A bipartisan group of Lake County legislators led by Grayslake Democratic state Rep. Sam Yingling want to make the county's chief assessment officer an elected position.
But first they'll need voter support.
Currently, the position is appointed by the county board chairman and approved by the county board. But Yingling plans to introduce legislation this week that would let voters decide if the post should be filled via an election in the future.
"We have a dysfunctional property tax system that lacks transparency and accountability," Yingling said. "The problem with this system is that the chief county assessment officer has the ability to unilaterally increase assessments and drive up taxes and that's too much power for a position that is not popularly elected."
Several township assessors in Lake County have long feuded with the current appointee, Marty Paulson, complaining he ignores their reassessments and instead places a blanket increase on properties throughout a township that doesn't fairly distribute the tax burden. Paulson's office and the county have been sued twice by township assessors in recent years, both cases have been dismissed, township officials said.
Paulson is out of the office until Wednesday and couldn't be reached for comment.
Lake County Board Chairman Aaron Lawlor said the legislative action is unnecessary and focused on the wrong office.
"I would actually argue the opposite of what Yingling has stated," Lawlor said. "You'd get better equity and accuracy in the numbers from the township assessors if they were appointed too. By being an elected position, it adds a political bend to a process that doesn't need it."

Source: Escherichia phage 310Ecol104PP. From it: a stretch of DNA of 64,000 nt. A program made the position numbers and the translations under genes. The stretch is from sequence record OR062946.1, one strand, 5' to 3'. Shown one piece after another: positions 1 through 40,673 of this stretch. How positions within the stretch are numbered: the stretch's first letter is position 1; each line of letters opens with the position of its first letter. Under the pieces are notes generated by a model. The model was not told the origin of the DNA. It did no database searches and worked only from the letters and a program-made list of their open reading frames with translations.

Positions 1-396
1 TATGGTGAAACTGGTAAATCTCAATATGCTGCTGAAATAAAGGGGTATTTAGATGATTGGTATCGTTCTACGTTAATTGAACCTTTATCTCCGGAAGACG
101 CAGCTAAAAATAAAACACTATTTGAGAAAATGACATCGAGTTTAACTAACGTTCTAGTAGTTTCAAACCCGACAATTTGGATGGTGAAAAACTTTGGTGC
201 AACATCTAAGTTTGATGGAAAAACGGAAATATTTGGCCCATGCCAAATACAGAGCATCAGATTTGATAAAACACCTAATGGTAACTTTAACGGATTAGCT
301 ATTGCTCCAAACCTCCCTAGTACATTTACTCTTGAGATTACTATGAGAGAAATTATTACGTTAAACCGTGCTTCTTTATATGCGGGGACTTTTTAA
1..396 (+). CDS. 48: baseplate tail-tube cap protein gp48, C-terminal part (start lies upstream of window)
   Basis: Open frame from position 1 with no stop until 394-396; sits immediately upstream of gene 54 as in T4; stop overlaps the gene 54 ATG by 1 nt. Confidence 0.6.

Barrington Hills Republican state Rep. David McSweeney supports Yingling's bill in theory because he believes it will eventually lead to the elimination of township assessors.
"If it is written like I was told it will be, I think it's the first step in getting rid of an unnecessary and archaic assessment system," he said.
Yingling is seeking the change through legislative means because he said the county board has no way of putting the issue on the ballot, and a voter-driven referendum is possible but would take thousands of signatures and hundreds of hours of manpower to pursue. He has also championed government consolidation and said having voters elect this post won't add another level of government because the position already exists.
If Yingling is successful in getting the bill passed, the measure would be on the Nov. 6 ballot.